Are Cephalopods Still Portrayed The Same In Pop Culture Today?
Move forward in time, the trend of tentacled aliens doesn’t change.
Movies like Independence Day, Men in Black, The Matrix, Arrival, or the Tomorrow War teach viewers that to be alien is to have tentacles.
But, Why Is The Connection Between Aliens and Tentacles So Popular?
Dr. Gerry Canavan, President of the Science Fiction Research Association and Associate Professor of Marquette University, may have an answer.
“I think the reason octopuses [and tentacles] are so important in science fiction and horror is because they’re just so strange. They are so different from mammalian and land-bound life that they are an easy way to evoke a sense of the truly alien.
I think that’s more true the more we write about them, including their unexpected intelligence. They’re incredibly weird, which makes them fun to write about.
The sheer number of tentacle monsters in science fiction is a testament to this.”
So… Are Octopuses Aliens?
Perhaps because octopuses seem so strange, one can’t help thinking that they must be somewhat alien. Octopuses are in a weird state where they have mammalian intelligence and yet are not mammals.
- The ability to play or solve puzzles
And yet, we have a hard time humanizing any emotions in their dark eyes.
The strangeness of octopuses cannot be overstated:
- Their arms each have a “brain” of sorts, which makes them think independently of their body.
- They have three hearts and blue blood.
- They use tools and even create makeshift weapons.
No other animal on our planet is capable of these activities! So, it’s no surprise that we see octopuses as strange or alien. Yet, this does not mean they should be negatively depicted in popular culture.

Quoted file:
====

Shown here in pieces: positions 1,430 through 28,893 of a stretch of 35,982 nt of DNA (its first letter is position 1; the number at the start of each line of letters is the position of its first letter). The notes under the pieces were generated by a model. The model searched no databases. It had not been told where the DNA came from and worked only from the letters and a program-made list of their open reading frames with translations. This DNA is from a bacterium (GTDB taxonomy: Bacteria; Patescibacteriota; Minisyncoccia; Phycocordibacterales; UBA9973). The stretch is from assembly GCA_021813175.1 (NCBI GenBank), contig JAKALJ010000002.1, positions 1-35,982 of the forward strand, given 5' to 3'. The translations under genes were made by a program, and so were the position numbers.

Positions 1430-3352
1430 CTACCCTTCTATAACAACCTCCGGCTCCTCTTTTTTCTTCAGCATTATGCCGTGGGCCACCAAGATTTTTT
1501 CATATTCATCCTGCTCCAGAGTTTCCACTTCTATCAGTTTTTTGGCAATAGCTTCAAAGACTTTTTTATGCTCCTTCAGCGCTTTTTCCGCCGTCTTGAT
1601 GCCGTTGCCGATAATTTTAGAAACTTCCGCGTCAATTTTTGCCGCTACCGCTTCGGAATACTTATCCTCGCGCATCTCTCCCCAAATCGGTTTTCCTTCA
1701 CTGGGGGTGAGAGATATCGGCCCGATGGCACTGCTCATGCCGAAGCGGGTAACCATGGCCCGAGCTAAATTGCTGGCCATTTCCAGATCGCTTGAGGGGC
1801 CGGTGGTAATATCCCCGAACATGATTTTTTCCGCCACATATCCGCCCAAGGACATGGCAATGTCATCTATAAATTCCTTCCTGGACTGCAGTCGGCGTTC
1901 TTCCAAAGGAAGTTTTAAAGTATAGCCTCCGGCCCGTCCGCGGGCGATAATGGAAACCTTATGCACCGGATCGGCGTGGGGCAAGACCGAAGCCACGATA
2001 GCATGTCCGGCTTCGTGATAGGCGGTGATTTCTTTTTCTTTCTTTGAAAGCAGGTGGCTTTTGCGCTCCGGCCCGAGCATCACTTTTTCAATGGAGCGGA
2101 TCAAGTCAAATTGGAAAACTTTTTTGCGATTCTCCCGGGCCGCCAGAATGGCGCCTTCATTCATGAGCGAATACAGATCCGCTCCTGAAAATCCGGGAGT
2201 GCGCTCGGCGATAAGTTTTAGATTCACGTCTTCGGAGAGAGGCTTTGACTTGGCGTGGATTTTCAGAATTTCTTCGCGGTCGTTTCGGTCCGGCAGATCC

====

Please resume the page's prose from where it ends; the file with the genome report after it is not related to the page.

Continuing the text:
“We Westerners had the octopus all wrong!” Montgomery clarified. “Today, thankfully, cephalopods are enjoying a long-overdue image update and we recognize they are staggeringly smart and emotional. Instead of representing the terrors of the deep, they are surprisingly compelling ambassadors for our beleaguered oceans.”
How Octopuses In Science Fiction Are Changing Our Perception
With the help of popular culture, non-fiction works like The Soul of an Octopus (written by Montgomery), and My Octopus Teacher, which won an Oscar for best documentary, octopuses, squids, and other cephalopods are now seen as the heroes at times.
It will be interesting to see if this new positive attention will be taken up within science fiction or fantasy at all in the next decades…
If you want to educate yourself some more about all sorts of different cephalopods, take a look at our encyclopedia. Or, what we call it, our Octopedia!
Connect with other octopus lovers via the OctoNation Facebook group, OctopusFanClub.com! Make sure to follow us on Facebook and Instagram to keep up to date with the conservation, education, and ongoing research of cephalopods.
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- ‘Cephalotography’ Of The Week: Tobias Zimmer
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- “Cephalopods in Popular Culture.” 2020. Wikipedia. March 2, 2020.
- “Could the Monsters of Greek Mythology, Scylla and the Hydra, Possibly Have Been Based on Sightings of Giant Squids or Large Octopi? – Quora.” March 11, 2020.
- “Kraken.” 2020. Wikipedia. 2020
- Sessarego, Carrie. “Aliens Among Us”. Clarkesworld Magazine. March 2018.
- Wilcox, Christie. “The Aliens in ‘Arrival’ Look like Octopuses Because Humans Think Cephalopods Are Both Scary and Smart.” Quartz. December 8, 2016.
- Dr. Gerry Canavan, President of the Science Fiction Research Association and Associate Professor of Marquette University
- Sy Montgomery, author of The Soul of An Octopus
Kenna is the Science Communicator at JILA (formerly known as the Joint Institute for Laboratory Astrophysics) at the University of Colorado, Boulder. Her degrees include an M.Sc. in Science Communication from Imperial College London. Kenna also works on several science freelance projects, including two podcasts. One of her podcasts, From the Biblio-Files, offers exclusive interviews with popular science writers discussing their books, including Sy Montgomery, Helen Scales, Randy Olson, Kathryn Harkup, Deborah Blum, and Chris Ferrie, to name a few!